Coming to the UK: House-hunting
In this week's Premier Skills English Podcast, Rich needs to rent a place to live in the UK. The language focus is on the words and phrases you need when looking around a flat that you want to rent. We also focus on vocabulary connected to describing rooms and household items. Your task is to describe the type of falt or house you would like to rent in the UK. Don't forget to listen to the end of the podcast because we have a new football phrase for you to guess, too. Enjoy!
Welcome - Coming to the UK - House-hunting
Jack: Hello my name’s Jack
Rich: and I’m Rich and welcome to this week’s Premier Skills English podcast
Jack: Where we talk about football and help you with your English.
Rich: We recommend that you listen to this podcast on the Premier Skills English website because that is where we have the transcript, language examples, activities, quizzes and a discussion page to help you understand everything we talk about.
Jack: However, if you’re listening on Spotify or Apple Podcasts, you can leave answers to our questions in the review section. We do read all the reviews and would love to hear from you.
Rich: In this week’s podcast, we’re going to be talking about the language you need when you want to rent a house.
Jack: That’s right. If you move to the UK or another country where English is spoken to work or study you are going to need a place to live.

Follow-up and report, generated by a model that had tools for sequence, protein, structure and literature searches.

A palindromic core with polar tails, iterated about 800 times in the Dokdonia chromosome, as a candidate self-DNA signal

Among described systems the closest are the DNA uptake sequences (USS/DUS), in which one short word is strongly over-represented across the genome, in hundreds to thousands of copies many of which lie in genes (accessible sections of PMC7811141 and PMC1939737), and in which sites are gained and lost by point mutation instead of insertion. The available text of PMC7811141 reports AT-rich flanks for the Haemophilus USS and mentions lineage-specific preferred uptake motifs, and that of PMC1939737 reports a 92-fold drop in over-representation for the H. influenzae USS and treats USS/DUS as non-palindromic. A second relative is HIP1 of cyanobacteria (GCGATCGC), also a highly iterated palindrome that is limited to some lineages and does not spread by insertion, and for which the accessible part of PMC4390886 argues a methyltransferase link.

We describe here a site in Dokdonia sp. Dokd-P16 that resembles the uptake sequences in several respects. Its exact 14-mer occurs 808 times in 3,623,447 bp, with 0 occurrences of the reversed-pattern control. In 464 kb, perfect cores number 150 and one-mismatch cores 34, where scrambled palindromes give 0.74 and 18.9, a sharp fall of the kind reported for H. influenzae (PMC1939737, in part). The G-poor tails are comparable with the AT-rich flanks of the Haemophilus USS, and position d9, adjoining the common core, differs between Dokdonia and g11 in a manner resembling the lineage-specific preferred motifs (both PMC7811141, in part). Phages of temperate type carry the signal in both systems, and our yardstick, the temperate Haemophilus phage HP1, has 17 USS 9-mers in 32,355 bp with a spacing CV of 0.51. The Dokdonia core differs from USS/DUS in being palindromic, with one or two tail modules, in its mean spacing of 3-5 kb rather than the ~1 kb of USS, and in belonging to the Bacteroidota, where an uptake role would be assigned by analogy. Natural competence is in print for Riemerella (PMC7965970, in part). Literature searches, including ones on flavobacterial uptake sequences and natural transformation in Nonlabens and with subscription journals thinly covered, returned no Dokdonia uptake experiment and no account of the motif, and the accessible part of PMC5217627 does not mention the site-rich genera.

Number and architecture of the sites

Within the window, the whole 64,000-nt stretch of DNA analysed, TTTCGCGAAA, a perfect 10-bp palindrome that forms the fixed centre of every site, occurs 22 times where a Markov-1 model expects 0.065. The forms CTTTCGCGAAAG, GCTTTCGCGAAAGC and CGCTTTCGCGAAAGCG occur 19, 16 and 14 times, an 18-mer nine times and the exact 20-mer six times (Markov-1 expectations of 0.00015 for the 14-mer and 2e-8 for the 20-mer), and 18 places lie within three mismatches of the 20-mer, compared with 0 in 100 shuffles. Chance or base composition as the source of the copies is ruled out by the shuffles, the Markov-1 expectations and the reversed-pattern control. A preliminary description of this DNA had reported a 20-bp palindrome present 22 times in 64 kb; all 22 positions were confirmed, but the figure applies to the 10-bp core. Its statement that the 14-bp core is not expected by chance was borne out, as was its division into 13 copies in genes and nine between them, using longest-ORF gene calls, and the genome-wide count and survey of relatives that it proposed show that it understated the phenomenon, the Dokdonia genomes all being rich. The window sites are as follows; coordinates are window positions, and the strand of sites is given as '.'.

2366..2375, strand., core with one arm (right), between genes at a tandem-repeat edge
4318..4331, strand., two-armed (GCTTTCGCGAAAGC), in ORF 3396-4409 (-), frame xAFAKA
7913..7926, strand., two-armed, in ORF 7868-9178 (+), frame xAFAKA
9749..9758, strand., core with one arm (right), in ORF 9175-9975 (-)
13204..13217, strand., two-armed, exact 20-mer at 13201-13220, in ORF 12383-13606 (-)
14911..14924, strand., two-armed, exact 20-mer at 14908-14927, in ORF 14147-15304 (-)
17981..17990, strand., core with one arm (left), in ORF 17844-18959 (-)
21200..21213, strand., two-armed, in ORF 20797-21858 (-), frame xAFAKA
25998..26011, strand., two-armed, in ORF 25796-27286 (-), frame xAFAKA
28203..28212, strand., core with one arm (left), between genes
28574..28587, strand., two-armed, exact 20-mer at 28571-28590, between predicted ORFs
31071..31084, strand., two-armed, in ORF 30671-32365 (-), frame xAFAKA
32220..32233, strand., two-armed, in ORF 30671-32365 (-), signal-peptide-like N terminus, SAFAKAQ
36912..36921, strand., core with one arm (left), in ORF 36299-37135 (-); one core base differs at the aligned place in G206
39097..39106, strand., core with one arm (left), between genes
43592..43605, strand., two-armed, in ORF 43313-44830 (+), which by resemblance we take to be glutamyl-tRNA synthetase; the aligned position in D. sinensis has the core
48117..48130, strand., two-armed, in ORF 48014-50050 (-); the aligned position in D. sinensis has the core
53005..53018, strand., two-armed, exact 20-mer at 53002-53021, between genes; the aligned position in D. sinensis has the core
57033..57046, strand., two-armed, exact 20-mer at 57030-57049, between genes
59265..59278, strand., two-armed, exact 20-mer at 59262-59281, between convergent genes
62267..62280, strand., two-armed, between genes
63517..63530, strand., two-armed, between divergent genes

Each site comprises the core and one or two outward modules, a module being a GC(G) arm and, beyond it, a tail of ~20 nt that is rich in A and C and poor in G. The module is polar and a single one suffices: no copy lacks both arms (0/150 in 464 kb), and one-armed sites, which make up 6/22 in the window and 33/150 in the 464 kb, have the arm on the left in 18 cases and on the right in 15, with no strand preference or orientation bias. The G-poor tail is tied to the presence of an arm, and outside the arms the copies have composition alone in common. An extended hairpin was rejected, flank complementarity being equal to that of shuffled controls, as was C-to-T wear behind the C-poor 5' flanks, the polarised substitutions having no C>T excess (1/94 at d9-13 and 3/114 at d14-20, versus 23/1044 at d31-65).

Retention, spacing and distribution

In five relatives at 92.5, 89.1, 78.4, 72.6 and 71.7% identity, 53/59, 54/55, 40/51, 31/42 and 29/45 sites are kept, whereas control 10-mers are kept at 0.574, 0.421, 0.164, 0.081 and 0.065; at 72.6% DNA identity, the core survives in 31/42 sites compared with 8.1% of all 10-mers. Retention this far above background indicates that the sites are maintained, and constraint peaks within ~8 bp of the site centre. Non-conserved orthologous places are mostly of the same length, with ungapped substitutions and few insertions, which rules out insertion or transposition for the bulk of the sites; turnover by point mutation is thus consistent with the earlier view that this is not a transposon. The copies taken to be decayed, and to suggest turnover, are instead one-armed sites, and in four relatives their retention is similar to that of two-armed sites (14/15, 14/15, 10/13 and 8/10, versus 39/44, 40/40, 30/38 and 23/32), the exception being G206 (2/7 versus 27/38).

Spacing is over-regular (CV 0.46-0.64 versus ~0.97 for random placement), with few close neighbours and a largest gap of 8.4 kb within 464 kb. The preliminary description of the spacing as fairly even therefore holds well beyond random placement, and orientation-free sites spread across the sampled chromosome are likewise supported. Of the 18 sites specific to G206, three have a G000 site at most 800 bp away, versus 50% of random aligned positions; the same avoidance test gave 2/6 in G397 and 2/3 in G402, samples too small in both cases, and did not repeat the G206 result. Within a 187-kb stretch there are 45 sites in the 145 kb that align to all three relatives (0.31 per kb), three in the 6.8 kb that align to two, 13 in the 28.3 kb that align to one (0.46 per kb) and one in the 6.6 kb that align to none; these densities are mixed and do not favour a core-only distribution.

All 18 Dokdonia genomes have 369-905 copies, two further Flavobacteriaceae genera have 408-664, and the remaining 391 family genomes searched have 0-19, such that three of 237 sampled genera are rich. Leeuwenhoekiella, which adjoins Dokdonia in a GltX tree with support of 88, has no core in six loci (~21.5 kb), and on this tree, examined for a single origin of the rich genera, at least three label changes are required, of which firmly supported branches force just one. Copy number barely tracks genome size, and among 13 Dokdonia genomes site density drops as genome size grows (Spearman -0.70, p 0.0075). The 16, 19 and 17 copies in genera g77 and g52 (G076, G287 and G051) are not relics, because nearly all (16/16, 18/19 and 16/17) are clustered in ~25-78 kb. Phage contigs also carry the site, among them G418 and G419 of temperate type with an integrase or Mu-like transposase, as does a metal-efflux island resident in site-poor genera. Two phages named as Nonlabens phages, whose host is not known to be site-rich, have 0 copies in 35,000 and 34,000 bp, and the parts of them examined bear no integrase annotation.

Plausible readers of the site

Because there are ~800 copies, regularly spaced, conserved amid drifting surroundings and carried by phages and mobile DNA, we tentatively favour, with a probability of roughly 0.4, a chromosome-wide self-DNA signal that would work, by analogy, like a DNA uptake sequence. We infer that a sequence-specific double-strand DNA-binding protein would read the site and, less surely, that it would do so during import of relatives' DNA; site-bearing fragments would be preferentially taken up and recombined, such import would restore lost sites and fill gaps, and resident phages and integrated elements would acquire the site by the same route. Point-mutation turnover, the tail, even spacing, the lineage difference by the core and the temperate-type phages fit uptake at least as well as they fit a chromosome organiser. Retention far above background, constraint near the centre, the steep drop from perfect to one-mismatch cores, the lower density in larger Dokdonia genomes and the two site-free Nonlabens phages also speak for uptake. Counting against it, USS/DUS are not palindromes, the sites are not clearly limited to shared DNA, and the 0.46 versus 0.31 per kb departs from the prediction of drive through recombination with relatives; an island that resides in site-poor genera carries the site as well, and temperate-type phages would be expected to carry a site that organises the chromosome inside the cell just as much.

Rich: And that often means looking at different houses or flats and deciding the one that is right for you. This usually means speaking to a landlord (the person who owns the flat) or an estate agent (someone whose job it is to rent and sell houses and flats).
Jack: So, we’re going to look at some of the language you might need when looking around a house or flat.
Rich: First we will have a roleplay for you. Jack will be the landlord and I will be the possible tenant or renter.
Jack: And, after this conversation, we will look at some of the language we used in the roleplay.
Rich: We will also have a task for you to do which is when we ask you to use your English. This week we’re going to ask you about the type of place you would like to rent if you were moving to the UK to study or work.
Jack: And, don’t forget to listen to the end of the podcast because we have another football phrase for you to guess.
Football Phrase 1
Jack: But, before we look at all that, let’s look at last week’s football phrase. If you didn’t hear it last week we’ll give you one more chance to guess and give you the correct answer at the end of the show when we give you a new football phrase.
Rich: The phrase was _______. In football, this word is used to describe a team that is unlikely to win because the team they are playing are stronger, better or are in much better form. We often use the term _______ when we are describing a team that are in a low position playing a team who are in a high position.
Jack: Well done if you got the right answer last week - although if you were listening carefully like I know a few of you were you might have heard me slip the phrase out by accident. Anyway, well done to those of you got it right including, Milos from Serbia, Naturibe, Tavoalejo and Daniel Agger from Colombia, Ahmed Adam from Sudan, Liubomyr and Alex from Ukraine, Lakerwang from China, and Elghoul from Algeria - all of you wrote the correct answer on the Premier Skills English website.
Rich: Do you think Daniel Agger from Colombia is the Daniel Agger who used to play for Liverpool?
Jack: I don’t think so Rich. People choose different usernames on websites! We’ll tell you the answer to this football phrase and we’ll have a new football phrase at the end of the show.